When ecologist Kit Prendergast was surveying native bee populations in Perth’s Kings Park botanic gardens, the last thing she expected to discover was a new bee species — with a very distinctive snout.
“I came across this really unusual species, and it had this big protrusion on its face,” she said.
“Bees don’t have noses, they smell with their antennae — but it looked like a snout.
“I thought I would be able to identify [it] quite easily because it’s a very obvious feature.
“So I went and did lots of photographs, lots of looking at what the diagnostic features were. I talked to the taxonomists in the WA Museum — they said it was probably a new species.”
After searching the WA Museum’s entomology collection, Ms Prendergast discovered a few specimens of the species had been collected in 1979.
But it remained undescribed scientifically.
“It’s been a dream of mine to find and describe a new species of native bee,” she said.
“And whoever describes a new species, the taxonomist gets to have naming rights.
“The only rule is that you can’t name it after yourself because that’s really egotistic.
“You can name it after something descriptive, a location, or even a famous person or someone who is significant in your life – which is exactly what I did.”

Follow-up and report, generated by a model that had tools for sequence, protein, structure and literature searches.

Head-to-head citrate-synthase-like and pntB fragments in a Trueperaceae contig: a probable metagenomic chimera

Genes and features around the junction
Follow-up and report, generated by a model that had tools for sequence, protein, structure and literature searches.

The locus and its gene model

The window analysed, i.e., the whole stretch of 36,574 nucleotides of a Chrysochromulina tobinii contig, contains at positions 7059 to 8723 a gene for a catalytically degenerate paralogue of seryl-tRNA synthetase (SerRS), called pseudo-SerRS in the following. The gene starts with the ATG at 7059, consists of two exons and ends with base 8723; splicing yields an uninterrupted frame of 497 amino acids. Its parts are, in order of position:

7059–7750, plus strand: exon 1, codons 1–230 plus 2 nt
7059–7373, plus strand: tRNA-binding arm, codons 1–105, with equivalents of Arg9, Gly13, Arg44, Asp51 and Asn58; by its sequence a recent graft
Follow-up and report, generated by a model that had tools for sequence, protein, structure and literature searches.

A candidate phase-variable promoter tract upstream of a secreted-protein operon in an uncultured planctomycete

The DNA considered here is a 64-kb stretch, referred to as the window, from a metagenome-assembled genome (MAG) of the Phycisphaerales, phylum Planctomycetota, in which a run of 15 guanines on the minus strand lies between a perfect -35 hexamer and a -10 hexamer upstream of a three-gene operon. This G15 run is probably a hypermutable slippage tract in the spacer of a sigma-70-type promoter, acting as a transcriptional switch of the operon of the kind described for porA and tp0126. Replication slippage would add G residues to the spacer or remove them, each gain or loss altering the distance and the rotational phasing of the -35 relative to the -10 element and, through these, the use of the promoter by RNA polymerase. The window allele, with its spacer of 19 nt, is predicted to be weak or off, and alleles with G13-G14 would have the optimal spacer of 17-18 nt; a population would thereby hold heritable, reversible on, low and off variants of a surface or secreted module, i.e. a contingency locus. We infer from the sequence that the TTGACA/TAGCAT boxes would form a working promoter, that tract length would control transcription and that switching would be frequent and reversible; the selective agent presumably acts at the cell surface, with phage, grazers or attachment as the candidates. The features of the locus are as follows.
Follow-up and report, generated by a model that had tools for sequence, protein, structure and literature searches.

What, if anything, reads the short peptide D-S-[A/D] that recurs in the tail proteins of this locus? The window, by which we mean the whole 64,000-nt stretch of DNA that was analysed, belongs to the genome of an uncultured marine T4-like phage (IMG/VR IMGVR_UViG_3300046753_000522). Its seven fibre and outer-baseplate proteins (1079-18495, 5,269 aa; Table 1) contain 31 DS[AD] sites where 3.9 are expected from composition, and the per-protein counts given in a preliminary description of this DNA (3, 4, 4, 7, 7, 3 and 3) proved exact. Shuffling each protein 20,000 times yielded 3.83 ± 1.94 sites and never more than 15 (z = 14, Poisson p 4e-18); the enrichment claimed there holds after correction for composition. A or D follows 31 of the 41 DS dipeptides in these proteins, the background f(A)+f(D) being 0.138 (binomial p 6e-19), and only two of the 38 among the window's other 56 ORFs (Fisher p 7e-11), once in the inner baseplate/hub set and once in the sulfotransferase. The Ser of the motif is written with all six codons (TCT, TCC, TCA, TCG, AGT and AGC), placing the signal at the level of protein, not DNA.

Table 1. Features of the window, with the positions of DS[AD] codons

Dr Prendergast named the species Leioproctus Zephyr, after her beloved pet dog Zephyr.
“[My dog] has been with me through my hardest times, she has loved me unconditionally,” she said.
Discovery highlights native bushland’s importance
She said the bee’s “snout” was most likely used to help the species forage in a very limited range of host plants called Jacksonia sericea, a type of native pea flower.
“They’ve got this flower structure where the petals have sort of a keel and inside the keel is the nectar and pollen, and it needs to be pushed open to access those rewards,” she said.
“It seems like this snout in the middle of its face is used to push up in the keel so it can easily access the nectar.”
Dr Prendergast said the discovery highlighted the importance of maintaining pockets of urban bushland and planting native flowers.
“Our native bees are extremely specialised — you can have a garden full of flowers, but if they’re all exotic flowers, it’s essentially a desert to the native bees,” she said.
“These [native plants] need to be propagated and made available to the public.
“Bushland remnants have to be conserved because without them, we wouldn’t have this native bee species.
“It is already super rare, and only occurs in a handful of locations, because it is specifically tied to this host plant.”
New discoveries yet to be made
Dr Prendergast said there were 1,661 native bee species already described in Australia, but there was an estimated 2,000 species yet to be identified.
“One of the saddest things is that there’s almost no investment into monitoring our native bees, so we don’t have good population data,” she said.
“Some native bees have been only collected from a few locations decades ago, and there’s been no collection since.
“They might have gone extinct in those locations — it is something that we need to be concerned about.”
ABC News, 5 November 2022